Sitting close to the point of exhaustion, I slowly sip on a MGD and contemplate the first day of 2008 Duck Camp.
Like many days it began innocently enough when I awoke at 3:30 AM to a drab starless morning. Digging myself out from under the thick covers and stumbling over to the coffee pot, I give my brother a lackadaisical high five for his forethought in having the coffee already brewing. As is standard family operating procedure, the rapidly filling pot contains a near lethal dose of his potent blend of liquid heart paddles. As I choke back the thick black mud I force my mind into gear and begin struggling through the routine of extensive before hunt preparations.
The ritual of duck hunting has many strange and bizarre initiations but none more interesting than a dog tired waterfowler attempting to make his way into the field without forgetting some crucial element. Over the years, I can tell you multiple stories of men (myself certainly no exception) crying like little school girls because they forgot firearms, shells, wet weather gear, Redman chaw or other crucial items. Years of waterfowl hunting eventually hones these rookies into hard core “duckers”, men who through skill, luck or possibly a combination of both know how to operate with very little sleep and understand the complexities of packing crucial items the night before.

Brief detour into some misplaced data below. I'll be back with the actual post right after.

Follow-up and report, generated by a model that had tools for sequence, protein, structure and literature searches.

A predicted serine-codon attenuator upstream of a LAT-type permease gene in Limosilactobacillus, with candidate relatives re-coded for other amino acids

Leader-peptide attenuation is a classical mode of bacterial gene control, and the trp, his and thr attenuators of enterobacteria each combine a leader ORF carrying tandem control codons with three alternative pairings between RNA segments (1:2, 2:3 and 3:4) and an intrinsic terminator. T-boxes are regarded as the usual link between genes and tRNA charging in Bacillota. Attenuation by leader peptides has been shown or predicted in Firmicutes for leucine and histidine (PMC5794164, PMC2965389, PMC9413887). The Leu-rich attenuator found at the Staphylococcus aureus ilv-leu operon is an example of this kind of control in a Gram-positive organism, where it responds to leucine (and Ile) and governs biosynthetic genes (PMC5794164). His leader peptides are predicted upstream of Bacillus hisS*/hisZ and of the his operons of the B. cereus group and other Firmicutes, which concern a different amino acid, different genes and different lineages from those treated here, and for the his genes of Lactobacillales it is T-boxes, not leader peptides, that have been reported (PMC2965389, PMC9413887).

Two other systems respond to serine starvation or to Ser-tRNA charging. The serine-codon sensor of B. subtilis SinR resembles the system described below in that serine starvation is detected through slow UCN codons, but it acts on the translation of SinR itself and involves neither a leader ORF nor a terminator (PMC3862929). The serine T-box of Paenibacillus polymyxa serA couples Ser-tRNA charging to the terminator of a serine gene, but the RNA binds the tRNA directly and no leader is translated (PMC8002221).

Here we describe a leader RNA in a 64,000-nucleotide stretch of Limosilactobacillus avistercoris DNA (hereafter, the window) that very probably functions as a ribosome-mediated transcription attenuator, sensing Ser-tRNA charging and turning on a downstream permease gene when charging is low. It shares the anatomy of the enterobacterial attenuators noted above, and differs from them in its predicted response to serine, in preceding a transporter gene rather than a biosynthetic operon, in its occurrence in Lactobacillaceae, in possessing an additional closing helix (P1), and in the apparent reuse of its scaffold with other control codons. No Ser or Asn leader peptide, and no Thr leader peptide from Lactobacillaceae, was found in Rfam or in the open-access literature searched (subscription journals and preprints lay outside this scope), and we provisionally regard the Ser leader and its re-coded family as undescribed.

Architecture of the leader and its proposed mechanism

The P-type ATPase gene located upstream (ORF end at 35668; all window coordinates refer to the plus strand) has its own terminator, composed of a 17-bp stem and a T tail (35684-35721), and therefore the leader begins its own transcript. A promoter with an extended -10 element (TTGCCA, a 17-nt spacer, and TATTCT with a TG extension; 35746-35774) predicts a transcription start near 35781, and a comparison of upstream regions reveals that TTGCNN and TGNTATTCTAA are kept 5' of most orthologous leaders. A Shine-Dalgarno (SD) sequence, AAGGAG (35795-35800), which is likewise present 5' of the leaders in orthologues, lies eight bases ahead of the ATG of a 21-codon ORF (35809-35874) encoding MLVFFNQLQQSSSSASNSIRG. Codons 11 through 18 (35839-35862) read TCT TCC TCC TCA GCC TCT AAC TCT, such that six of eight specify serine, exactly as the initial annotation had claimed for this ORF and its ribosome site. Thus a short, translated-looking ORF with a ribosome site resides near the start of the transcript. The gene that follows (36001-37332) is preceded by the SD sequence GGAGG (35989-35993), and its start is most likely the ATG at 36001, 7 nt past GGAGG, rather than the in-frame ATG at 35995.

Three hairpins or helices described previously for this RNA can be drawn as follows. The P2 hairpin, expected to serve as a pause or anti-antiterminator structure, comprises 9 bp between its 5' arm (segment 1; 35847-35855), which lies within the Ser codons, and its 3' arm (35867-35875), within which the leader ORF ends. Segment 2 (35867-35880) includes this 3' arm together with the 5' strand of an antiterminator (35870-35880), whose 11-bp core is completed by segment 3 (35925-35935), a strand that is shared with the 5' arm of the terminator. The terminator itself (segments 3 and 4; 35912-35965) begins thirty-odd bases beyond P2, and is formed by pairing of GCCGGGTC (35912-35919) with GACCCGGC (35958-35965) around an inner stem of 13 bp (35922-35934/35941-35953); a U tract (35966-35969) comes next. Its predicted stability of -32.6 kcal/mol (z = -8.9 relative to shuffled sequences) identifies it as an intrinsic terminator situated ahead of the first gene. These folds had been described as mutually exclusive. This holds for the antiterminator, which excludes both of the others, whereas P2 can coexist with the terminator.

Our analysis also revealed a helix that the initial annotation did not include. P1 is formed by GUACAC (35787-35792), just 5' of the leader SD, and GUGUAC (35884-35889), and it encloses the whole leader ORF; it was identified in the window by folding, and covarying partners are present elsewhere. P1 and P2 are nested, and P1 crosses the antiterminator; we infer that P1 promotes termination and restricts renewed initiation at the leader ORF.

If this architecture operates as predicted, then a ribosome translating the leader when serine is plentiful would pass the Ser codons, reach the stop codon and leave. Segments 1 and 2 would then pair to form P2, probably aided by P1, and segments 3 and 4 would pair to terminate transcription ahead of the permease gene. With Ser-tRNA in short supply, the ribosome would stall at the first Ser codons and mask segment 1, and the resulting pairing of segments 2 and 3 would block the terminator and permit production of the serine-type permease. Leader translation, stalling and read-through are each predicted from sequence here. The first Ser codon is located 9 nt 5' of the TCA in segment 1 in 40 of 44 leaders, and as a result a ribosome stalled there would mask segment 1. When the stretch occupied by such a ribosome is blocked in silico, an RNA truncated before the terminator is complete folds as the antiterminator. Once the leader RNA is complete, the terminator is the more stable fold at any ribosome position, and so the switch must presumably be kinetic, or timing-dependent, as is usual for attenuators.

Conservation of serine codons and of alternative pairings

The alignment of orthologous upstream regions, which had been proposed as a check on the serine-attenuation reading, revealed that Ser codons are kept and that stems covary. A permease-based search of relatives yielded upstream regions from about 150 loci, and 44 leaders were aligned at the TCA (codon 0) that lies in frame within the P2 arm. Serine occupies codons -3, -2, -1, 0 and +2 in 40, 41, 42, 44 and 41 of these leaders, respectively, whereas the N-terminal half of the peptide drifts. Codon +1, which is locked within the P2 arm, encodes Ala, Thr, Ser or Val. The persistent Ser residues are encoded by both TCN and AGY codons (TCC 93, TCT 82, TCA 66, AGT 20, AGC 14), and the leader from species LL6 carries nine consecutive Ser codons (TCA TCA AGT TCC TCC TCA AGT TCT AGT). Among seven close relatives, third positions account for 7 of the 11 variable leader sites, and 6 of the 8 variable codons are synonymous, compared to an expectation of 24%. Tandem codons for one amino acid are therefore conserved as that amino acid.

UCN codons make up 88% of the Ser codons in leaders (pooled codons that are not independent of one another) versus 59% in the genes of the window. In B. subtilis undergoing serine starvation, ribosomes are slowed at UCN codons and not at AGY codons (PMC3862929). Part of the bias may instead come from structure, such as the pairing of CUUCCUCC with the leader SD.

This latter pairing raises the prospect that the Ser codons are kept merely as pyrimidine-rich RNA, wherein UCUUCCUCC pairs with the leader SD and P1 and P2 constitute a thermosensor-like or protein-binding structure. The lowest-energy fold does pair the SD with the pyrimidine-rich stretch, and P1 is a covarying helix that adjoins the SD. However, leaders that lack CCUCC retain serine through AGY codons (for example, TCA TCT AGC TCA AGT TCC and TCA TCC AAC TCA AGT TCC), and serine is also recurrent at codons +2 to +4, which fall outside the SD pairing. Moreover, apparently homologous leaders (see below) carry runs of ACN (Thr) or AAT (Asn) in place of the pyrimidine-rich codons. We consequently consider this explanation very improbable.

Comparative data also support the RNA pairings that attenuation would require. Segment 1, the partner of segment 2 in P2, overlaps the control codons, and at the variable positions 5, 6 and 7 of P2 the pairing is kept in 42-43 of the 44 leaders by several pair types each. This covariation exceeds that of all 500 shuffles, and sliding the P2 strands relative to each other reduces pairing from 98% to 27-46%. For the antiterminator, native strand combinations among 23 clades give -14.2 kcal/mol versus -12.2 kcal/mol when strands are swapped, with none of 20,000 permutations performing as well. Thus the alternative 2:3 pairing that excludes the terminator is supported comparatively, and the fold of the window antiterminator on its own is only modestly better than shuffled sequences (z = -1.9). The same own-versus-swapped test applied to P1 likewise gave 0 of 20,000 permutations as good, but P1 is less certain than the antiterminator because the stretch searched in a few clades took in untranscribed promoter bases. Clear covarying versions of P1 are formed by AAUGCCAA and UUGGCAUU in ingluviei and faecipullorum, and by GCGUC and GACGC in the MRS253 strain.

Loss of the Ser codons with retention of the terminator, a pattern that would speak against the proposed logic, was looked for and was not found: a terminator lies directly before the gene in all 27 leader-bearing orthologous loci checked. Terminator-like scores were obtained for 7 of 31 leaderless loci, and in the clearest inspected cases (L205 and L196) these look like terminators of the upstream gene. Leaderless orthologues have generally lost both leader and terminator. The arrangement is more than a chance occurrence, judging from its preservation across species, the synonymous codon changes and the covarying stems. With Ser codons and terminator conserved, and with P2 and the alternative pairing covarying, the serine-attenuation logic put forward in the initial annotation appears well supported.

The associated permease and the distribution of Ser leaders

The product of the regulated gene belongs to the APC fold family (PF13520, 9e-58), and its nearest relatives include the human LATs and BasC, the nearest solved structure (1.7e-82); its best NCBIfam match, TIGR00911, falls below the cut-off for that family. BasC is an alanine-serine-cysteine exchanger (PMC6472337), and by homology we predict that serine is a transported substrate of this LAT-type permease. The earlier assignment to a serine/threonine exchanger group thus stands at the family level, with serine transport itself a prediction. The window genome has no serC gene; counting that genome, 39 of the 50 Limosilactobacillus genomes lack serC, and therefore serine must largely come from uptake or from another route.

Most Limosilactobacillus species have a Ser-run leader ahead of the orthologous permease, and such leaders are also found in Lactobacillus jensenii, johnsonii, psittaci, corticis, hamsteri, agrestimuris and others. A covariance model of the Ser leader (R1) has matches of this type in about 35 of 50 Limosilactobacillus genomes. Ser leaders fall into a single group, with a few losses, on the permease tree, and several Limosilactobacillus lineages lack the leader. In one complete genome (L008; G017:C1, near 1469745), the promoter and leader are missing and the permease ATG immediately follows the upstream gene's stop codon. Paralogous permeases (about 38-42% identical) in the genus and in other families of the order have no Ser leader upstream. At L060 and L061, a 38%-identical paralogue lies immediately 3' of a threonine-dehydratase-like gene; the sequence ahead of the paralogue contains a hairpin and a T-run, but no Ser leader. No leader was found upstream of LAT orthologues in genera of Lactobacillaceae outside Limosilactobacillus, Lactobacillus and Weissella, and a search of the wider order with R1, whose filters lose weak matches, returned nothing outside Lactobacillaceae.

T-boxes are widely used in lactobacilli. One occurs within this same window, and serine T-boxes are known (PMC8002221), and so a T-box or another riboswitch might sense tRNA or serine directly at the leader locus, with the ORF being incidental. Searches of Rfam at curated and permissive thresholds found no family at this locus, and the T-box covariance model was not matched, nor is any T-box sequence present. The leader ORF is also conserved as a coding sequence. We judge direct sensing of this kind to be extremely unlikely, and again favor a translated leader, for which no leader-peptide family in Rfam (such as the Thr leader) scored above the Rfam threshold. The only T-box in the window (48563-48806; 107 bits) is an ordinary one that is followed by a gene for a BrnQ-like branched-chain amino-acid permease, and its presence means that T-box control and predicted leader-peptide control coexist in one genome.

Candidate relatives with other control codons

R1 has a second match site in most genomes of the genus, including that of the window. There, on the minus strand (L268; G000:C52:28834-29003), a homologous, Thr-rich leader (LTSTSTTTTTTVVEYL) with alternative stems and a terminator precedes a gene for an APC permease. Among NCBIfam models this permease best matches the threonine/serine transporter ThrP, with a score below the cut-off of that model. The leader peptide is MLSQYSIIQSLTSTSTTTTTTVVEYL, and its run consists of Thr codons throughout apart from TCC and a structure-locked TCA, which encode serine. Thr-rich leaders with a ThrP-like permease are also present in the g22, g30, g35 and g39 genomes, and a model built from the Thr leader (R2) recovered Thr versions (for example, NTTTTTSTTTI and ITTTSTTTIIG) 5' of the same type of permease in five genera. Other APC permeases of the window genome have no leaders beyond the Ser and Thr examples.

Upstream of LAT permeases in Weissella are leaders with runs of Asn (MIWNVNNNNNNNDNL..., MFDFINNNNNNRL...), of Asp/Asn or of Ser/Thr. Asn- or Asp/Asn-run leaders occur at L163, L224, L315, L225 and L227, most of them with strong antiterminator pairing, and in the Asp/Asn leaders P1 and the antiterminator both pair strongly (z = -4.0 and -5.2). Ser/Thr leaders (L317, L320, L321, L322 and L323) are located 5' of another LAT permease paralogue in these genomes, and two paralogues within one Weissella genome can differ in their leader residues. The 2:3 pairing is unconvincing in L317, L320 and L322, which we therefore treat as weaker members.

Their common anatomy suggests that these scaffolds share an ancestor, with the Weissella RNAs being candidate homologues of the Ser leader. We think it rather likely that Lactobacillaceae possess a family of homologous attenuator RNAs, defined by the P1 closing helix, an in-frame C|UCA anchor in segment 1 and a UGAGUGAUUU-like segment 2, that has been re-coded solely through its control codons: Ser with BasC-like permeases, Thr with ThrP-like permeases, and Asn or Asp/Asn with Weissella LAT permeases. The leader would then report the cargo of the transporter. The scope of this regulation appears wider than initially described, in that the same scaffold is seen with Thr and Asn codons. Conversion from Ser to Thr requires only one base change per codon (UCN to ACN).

This time things work out in my favor and two hours into the hunt I near a limit of common eiders and hold in my hand one of only two duck bands I have ever managed to harvest. In a strange twist of fate, the only other band I have taken was harvested during 2007 Duck Camp!
Hours into duck camp 2008 and it is already turning out to be complete success. A smile stretches across my face as we land the boat and begin the drive back to my brothers house for a supper of fresh caught lobsters and deer tenderloins.